Normal vs pathological intervertebral disc changes
In this section, we will try to remove some myths about spinal degeneration (wear and tear) and what should be considered normal versus abnormal.
Generally speaking, everyone over the age of 25 years will have some degeneration (wear and tear) of their spine. Some degeneration is normal. Some degeneration of the spine is no different from getting wrinkles on the skin as we age. It is a normal part of ageing and is not problematic.
Abnormal changes occur when there is extensive degeneration and may be caused by injury, trauma, infection and inflammatory conditions of the spine. Some individuals degenerate more than others from no apparent reason, and this is likely due to hereditary factors. Occupations that require heavy lifting, bending and repeated spine movements may also promote accelerated degenerative changes. Some sports may also accelerate changes.
It is important to note that movement is essential for the health of the spine and is a critical factor to nourish the intervertebral discs and spinal joints. Playing sports, running and moving, in general, should be achieved for at least thirty minutes per day for optimal spinal health.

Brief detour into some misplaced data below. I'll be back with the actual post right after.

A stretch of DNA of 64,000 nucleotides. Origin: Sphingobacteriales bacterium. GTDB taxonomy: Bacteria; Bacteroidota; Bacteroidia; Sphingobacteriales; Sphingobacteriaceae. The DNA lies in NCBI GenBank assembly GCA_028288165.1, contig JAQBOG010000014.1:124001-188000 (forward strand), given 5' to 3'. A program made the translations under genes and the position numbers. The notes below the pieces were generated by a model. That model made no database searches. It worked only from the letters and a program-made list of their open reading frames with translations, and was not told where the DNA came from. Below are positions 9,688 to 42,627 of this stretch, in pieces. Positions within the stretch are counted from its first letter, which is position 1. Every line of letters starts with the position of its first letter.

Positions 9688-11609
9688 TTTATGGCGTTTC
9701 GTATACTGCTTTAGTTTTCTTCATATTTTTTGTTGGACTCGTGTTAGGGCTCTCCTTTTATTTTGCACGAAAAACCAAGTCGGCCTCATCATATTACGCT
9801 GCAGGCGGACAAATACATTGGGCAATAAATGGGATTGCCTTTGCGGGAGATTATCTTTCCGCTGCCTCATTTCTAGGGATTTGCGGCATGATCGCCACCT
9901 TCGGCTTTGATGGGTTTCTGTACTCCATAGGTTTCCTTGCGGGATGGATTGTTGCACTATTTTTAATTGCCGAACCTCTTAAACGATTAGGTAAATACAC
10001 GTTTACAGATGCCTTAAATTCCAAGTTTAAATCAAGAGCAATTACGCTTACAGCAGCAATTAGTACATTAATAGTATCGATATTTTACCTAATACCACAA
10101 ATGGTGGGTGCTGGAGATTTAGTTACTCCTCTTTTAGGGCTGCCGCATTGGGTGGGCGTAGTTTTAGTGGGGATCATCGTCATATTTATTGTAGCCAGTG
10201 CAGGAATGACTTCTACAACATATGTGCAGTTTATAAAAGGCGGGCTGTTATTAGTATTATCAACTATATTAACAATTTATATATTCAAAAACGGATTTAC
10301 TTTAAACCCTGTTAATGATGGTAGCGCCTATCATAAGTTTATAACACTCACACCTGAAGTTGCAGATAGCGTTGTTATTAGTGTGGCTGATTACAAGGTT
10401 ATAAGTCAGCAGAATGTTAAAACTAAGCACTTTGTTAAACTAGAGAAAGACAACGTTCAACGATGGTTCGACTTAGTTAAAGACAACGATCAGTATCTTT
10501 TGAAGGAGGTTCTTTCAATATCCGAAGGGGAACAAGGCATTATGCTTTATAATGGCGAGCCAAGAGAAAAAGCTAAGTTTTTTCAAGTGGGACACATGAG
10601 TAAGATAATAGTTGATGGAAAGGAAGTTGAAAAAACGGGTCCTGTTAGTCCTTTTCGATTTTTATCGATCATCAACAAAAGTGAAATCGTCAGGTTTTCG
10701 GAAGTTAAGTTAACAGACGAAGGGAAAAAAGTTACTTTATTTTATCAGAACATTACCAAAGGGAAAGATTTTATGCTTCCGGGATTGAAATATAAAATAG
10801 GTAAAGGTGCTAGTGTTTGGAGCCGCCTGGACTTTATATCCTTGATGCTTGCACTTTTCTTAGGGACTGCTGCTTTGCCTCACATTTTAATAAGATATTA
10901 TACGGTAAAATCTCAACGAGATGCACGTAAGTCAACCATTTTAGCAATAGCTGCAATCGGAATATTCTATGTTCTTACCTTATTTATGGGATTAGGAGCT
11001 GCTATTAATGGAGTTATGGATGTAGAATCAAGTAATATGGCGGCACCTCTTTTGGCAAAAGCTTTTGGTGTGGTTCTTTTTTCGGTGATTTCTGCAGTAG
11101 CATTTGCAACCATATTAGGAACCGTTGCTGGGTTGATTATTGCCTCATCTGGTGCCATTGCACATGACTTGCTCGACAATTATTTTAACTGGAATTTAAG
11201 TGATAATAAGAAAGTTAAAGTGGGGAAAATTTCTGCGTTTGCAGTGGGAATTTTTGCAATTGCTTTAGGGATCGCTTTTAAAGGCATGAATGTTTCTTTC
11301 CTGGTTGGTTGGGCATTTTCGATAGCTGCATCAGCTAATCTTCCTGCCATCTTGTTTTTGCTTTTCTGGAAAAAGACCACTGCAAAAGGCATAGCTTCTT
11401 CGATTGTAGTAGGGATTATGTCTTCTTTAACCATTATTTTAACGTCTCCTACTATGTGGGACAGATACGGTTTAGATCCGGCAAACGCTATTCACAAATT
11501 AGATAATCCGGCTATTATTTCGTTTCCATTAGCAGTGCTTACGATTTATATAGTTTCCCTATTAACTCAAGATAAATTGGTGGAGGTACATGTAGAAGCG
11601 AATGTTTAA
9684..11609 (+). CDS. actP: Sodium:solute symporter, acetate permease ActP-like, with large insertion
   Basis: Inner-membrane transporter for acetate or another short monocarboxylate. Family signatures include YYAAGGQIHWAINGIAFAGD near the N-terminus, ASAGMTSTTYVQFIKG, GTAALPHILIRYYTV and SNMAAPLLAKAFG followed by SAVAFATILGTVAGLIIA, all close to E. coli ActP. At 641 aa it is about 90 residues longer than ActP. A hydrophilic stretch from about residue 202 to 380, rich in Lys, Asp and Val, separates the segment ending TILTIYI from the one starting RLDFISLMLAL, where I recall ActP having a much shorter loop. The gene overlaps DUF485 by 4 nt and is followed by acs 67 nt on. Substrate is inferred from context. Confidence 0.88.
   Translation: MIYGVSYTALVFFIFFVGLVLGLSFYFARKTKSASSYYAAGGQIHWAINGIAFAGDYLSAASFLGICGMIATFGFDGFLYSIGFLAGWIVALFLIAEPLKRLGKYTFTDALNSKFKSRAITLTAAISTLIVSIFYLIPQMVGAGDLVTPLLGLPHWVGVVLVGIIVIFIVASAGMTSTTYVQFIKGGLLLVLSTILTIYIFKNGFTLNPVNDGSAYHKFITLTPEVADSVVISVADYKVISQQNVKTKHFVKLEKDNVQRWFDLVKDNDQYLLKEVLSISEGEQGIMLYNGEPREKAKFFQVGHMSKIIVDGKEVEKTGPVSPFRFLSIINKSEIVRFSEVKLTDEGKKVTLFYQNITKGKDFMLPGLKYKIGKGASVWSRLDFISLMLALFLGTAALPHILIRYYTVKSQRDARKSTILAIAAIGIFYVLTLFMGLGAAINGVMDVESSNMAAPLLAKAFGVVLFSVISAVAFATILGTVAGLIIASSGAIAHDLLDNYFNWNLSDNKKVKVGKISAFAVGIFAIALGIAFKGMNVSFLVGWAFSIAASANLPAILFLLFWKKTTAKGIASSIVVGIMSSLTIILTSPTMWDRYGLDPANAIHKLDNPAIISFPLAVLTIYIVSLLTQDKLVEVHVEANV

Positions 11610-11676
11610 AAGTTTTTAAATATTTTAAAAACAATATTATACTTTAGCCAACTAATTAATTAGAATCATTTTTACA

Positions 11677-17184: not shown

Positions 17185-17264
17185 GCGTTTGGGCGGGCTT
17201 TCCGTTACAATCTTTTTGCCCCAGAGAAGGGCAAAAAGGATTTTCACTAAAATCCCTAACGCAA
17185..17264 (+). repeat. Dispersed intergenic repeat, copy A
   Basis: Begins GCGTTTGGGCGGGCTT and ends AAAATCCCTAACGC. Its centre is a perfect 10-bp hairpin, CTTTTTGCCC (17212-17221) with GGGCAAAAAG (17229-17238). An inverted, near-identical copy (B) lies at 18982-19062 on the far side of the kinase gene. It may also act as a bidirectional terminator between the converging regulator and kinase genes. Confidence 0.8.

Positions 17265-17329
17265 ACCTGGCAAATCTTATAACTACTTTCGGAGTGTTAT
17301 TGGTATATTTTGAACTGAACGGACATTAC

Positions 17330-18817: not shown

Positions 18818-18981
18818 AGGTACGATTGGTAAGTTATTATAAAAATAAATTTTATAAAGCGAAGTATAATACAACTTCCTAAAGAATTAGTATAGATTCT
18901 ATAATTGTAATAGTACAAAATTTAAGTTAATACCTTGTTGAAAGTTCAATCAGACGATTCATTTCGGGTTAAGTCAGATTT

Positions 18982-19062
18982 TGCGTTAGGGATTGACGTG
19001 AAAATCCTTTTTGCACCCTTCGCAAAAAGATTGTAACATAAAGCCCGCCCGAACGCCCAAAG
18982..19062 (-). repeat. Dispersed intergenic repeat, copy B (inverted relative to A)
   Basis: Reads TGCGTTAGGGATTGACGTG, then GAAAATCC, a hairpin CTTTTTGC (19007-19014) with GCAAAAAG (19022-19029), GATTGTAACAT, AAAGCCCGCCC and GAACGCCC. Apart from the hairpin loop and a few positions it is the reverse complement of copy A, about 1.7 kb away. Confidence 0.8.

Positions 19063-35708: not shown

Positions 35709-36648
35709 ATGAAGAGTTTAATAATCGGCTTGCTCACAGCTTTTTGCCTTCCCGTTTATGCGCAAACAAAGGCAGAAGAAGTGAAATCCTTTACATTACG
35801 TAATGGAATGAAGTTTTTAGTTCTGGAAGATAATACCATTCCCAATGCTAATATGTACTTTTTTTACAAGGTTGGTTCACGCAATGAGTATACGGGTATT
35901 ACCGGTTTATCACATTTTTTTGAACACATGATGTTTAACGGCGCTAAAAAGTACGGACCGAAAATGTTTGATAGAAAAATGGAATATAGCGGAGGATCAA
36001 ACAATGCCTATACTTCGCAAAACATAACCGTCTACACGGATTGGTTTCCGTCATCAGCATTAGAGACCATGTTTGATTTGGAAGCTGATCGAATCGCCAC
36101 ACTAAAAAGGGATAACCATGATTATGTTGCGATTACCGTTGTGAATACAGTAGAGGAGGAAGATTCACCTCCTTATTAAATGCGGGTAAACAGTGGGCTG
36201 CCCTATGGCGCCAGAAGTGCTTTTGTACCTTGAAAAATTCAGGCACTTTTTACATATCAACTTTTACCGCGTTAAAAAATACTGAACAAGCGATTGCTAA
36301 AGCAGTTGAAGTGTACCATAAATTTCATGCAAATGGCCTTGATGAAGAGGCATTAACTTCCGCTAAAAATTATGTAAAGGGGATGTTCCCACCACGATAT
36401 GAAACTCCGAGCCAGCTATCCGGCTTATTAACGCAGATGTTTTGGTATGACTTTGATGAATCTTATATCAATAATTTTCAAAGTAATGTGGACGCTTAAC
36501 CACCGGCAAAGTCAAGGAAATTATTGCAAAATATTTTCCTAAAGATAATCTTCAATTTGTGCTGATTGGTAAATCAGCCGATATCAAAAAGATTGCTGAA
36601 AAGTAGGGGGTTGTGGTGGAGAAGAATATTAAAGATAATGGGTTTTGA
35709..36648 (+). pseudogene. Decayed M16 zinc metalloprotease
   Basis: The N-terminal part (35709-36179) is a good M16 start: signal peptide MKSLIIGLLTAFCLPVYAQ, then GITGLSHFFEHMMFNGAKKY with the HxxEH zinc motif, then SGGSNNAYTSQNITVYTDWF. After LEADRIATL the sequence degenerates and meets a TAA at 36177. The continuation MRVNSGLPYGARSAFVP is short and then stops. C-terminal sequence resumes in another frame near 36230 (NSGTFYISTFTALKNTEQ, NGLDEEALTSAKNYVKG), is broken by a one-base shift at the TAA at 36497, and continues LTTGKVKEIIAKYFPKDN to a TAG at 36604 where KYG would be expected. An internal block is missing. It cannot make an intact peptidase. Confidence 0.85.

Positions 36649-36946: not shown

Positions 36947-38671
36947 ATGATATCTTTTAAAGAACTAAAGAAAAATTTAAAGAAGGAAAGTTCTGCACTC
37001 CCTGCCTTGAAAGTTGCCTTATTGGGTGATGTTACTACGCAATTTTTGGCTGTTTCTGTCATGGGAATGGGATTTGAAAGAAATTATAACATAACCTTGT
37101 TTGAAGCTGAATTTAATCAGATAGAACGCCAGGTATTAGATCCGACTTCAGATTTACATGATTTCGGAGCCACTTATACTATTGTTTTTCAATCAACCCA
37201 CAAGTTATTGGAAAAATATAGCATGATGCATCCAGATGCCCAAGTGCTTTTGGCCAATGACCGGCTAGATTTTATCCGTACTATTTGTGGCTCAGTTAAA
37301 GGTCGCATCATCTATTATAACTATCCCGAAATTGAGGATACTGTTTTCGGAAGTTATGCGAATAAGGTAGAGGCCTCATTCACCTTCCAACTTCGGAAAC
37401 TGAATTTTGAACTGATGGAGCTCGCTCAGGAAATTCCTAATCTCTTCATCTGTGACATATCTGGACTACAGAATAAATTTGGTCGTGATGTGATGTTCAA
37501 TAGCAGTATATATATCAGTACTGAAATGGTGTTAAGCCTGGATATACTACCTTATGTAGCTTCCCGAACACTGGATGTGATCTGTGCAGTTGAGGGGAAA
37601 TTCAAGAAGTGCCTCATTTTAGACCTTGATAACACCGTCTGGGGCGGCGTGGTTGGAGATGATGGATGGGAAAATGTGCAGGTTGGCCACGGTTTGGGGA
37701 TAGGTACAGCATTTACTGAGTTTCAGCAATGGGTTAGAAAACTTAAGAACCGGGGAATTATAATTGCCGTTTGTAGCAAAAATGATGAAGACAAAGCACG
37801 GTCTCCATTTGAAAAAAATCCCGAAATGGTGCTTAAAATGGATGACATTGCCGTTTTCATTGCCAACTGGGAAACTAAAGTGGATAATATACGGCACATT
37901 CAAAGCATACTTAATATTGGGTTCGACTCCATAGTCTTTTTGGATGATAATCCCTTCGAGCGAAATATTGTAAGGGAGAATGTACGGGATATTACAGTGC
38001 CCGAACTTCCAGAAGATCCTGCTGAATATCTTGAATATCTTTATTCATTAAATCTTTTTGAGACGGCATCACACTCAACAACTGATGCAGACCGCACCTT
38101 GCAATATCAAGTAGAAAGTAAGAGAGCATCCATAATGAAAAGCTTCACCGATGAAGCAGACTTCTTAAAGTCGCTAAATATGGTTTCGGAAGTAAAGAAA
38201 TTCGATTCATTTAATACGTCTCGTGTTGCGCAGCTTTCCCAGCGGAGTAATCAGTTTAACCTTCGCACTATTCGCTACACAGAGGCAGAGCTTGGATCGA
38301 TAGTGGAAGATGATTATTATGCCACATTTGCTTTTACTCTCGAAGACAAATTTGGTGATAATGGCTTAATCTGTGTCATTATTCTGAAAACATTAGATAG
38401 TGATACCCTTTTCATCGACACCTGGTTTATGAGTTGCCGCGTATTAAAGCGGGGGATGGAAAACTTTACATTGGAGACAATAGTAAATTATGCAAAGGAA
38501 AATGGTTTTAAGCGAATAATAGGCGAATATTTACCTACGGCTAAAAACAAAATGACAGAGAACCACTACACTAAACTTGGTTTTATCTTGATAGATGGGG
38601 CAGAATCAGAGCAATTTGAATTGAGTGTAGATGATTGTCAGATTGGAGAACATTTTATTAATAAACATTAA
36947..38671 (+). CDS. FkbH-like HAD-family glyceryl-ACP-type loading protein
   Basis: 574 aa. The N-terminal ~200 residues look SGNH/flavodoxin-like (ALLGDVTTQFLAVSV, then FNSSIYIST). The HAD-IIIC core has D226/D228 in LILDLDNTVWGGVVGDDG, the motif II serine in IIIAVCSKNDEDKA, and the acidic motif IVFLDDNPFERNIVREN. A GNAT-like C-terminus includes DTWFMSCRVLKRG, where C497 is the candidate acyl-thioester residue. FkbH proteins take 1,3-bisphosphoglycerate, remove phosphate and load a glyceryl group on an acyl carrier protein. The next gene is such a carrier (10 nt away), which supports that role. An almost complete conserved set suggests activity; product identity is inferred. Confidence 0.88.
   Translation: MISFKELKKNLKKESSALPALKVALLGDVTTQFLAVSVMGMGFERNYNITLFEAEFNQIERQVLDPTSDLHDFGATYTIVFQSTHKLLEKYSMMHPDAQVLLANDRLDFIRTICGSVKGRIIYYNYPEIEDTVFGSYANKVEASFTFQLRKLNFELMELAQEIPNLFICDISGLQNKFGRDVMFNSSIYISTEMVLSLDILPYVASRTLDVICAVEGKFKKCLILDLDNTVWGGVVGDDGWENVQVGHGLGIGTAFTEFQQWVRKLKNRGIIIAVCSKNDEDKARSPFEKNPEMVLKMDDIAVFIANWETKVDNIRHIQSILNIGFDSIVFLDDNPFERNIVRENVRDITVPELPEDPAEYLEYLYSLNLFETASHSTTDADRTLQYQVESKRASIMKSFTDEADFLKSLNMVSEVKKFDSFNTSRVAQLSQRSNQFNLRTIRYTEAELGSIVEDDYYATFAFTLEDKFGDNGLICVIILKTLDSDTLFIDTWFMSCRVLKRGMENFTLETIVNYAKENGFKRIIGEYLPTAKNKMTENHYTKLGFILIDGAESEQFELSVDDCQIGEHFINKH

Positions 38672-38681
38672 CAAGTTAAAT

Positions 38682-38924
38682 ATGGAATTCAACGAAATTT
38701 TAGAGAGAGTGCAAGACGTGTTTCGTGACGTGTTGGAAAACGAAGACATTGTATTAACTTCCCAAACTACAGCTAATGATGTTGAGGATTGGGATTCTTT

To read more about degenerative changes in the spine, and different conditions that affect the intervertebral discs. Please read the below articles written by our Balmain and Haberfield chiropractors and physiotherapists.
- Intervertebral disc summary
- Degenerative intervertebral discs (technical)
- Degenerative intervertebral discs (non-technical)
- Intervertebral disc bulge
- Intervertebral disc herniation
- Intervertebral disc protrusion
- Intervertebral disc extrusion
- Intervertebral disc sequestration
- Contained and uncontained intervertebral disc herniation
- Intervertebral disc fissures
- Intervertebral disc tears
- Intervertebral disc infection
- Traumatic intervertebral disc injury